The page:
Finding health care: 'Maybe we'll have to get married'

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Myles Ma, CPFCSenior ReporterMyles Ma, CPFC, is a certified personal finance counselor and former senior reporter at Policygenius, where he covered insurance and personal finance. His expertise has been featured in The Washington Post, PBS, CNBC, CBS News, USA Today, HuffPost, Salon, Inc. Magazine, MarketWatch, and elsewhere.

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Lacy Ward has done the math. Buying health insurance through the federal marketplace makes financial sense for her. She has purchased plans through the exchange for four years, since aging off her parents' insurance.

"I know what I'm talking about when it comes to the ins and outs," the Houston resident said when I first talked to her in September.

Ward should be easy to insure. The 30-year-old works out daily. She doesn't smoke.

She knows to read through the details of each plan. She knows to check the deductible, the co-pays, the max out-of-pocket cost. She knows what her medical costs should be with and without insurance.

But even she got a little freaked out before open enrollment this year. In October, after the Trump administration announced it would cut cost-sharing reduction payments, I got in touch over email to ask how they would would affect her. Her confidence level seemed lower.

"I am not eligible for any subsidies and will probably see a hike in premiums," she wrote. "He's making the tax penalty seem way more favorable at this point. I may explore trying to get on my boyfriend's insurance as a domestic partner or maybe we will have to get married earlier than we planned, which is so crazy."

Ward did look into her boyfriend's coverage before open enrollment, but decided it wouldn't make sense. It would have cost an extra $450 to add her to his plan.

"I think he was going to claim me as his live-in partner or something weird," she said.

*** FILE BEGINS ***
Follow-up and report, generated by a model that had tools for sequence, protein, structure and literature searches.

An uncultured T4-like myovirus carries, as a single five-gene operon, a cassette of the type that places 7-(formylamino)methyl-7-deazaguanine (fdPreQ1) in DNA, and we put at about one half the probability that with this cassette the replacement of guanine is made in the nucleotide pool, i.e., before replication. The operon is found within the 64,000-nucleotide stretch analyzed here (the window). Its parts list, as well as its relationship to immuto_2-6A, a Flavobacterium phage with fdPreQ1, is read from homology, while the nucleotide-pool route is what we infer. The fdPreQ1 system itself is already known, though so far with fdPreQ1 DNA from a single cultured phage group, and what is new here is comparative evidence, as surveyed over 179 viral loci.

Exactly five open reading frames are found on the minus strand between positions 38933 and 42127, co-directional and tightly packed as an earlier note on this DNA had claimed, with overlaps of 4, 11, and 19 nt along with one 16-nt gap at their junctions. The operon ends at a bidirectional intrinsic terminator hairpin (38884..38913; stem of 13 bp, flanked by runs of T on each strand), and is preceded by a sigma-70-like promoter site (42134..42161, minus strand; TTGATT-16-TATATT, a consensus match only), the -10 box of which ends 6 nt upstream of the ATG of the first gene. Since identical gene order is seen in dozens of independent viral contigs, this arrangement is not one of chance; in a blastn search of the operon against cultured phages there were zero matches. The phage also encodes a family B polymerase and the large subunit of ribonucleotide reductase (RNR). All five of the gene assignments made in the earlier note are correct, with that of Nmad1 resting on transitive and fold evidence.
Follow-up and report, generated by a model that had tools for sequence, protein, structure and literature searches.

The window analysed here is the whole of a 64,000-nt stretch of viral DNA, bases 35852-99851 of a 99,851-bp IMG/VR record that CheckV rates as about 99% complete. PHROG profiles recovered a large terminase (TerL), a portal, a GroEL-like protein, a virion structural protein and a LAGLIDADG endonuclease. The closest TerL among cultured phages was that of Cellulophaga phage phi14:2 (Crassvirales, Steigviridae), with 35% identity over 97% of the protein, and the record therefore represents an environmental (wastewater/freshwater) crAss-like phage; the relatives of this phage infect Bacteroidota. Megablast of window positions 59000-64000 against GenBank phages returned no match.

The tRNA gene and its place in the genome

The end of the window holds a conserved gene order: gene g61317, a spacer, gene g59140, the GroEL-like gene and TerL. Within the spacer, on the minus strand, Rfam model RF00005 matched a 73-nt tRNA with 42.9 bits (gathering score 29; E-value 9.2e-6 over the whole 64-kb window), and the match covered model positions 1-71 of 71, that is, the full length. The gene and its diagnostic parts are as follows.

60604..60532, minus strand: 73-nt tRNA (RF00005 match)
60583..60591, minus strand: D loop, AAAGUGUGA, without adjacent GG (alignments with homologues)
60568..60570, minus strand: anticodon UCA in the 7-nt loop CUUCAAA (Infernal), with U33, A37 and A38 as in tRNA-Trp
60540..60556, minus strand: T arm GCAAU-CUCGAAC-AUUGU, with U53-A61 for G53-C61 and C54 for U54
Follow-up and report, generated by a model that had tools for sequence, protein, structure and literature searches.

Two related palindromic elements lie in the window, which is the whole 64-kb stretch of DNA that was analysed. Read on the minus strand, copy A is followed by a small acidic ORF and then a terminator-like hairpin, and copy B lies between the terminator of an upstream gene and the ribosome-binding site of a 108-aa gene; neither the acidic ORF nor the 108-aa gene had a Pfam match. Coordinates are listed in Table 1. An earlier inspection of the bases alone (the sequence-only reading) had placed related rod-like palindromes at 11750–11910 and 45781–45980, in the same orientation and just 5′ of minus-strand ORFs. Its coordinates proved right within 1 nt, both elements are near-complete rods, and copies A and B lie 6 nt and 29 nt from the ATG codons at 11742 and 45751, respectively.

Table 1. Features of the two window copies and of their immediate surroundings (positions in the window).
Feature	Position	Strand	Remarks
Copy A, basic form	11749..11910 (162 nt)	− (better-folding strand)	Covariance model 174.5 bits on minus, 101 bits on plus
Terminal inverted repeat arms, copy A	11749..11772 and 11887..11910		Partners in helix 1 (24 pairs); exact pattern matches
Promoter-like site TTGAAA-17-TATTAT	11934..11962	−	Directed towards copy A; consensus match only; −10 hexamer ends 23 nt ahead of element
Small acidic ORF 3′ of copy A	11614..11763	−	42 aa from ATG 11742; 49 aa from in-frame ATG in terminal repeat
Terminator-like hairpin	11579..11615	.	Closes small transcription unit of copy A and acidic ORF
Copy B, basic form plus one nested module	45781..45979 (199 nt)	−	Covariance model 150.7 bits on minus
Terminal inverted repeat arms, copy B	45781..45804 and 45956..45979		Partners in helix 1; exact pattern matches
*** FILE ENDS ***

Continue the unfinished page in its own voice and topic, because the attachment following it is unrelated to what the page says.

Ultimately, Ward managed to avoid that unromantic proposal. But things got hairy for a minute.

Crunching the numbers

Ward works as a geographic information systems specialist for an oil data company. The company only has four people. It offers health insurance, but Ward did the math, and a marketplace plan was less expensive.

Her main health expense is a daily dose of Adderall. She's taken it since she was 10. Every year she looks for a plan that helps pay for the medication and covers a doctor who will write a prescription.

The marketplace plan Ward purchased last year has high premiums, but covers the cost of prescriptions. The plan is slightly less expensive than going without insurance, buying the pills out of pocket and paying a tax penalty, Ward said.

"I come out just ahead with the higher premium," she said.

Ward pays $255 a month for her premium, a $30 co-pay every three months to visit a doctor for a prescription and $35 a month for a generic version of Adderall. Her plan has no deductible.

'Too high to justify'

Though Ward was confident in her grasp of the marketplace, she was unsettled following the debate over former President Barack Obama's health care law leading up to open enrollment.

"I just wonder if the premiums are going to all of a sudden be too high to justify," she said when we first spoke.

Ward tracked each proposal to repeal or curtail "Obamacare," from the "skinny repeal" of the Health Care Freedom Act to the block grants of Graham-Cassidy.

"I just wonder how people who don't have much education and knowledge are able to navigate this difficult process," she said.

Higher price, higher subsidy

Ward's premiums will end up higher for 2018. But because she was able to deduct student loan interest from her income, she qualified for a $150 premium tax credit and was able to get her same 2017 plan for $50 less a month. The plan still allows her to pay just $35 for her Adderall prescription.

She shopped around, but most of the other plans had deductibles around $7,000, which didn't appeal to her. Getting the plan cheaper was good news, but the uncertainty beforehand wasn't great. After she picked the plan, I asked her how her marketplace experience was this year overall.

"I think that it's all terrible, but it is what it is for now," she said. "It's better than not having it."

This is the third in our series profiling real people who use the Affordable Care Act. We're hoping to put a face to the controversial law and provide an up-close look at its impact, whether harmful or helpful. We'll feature someone new each week until federal open enrollment ends on Dec. 15, so check back for more stories. If you're looking for help signing up for Obamacare 2018, visit our HealthGenius section.

Image: Lacy Ward

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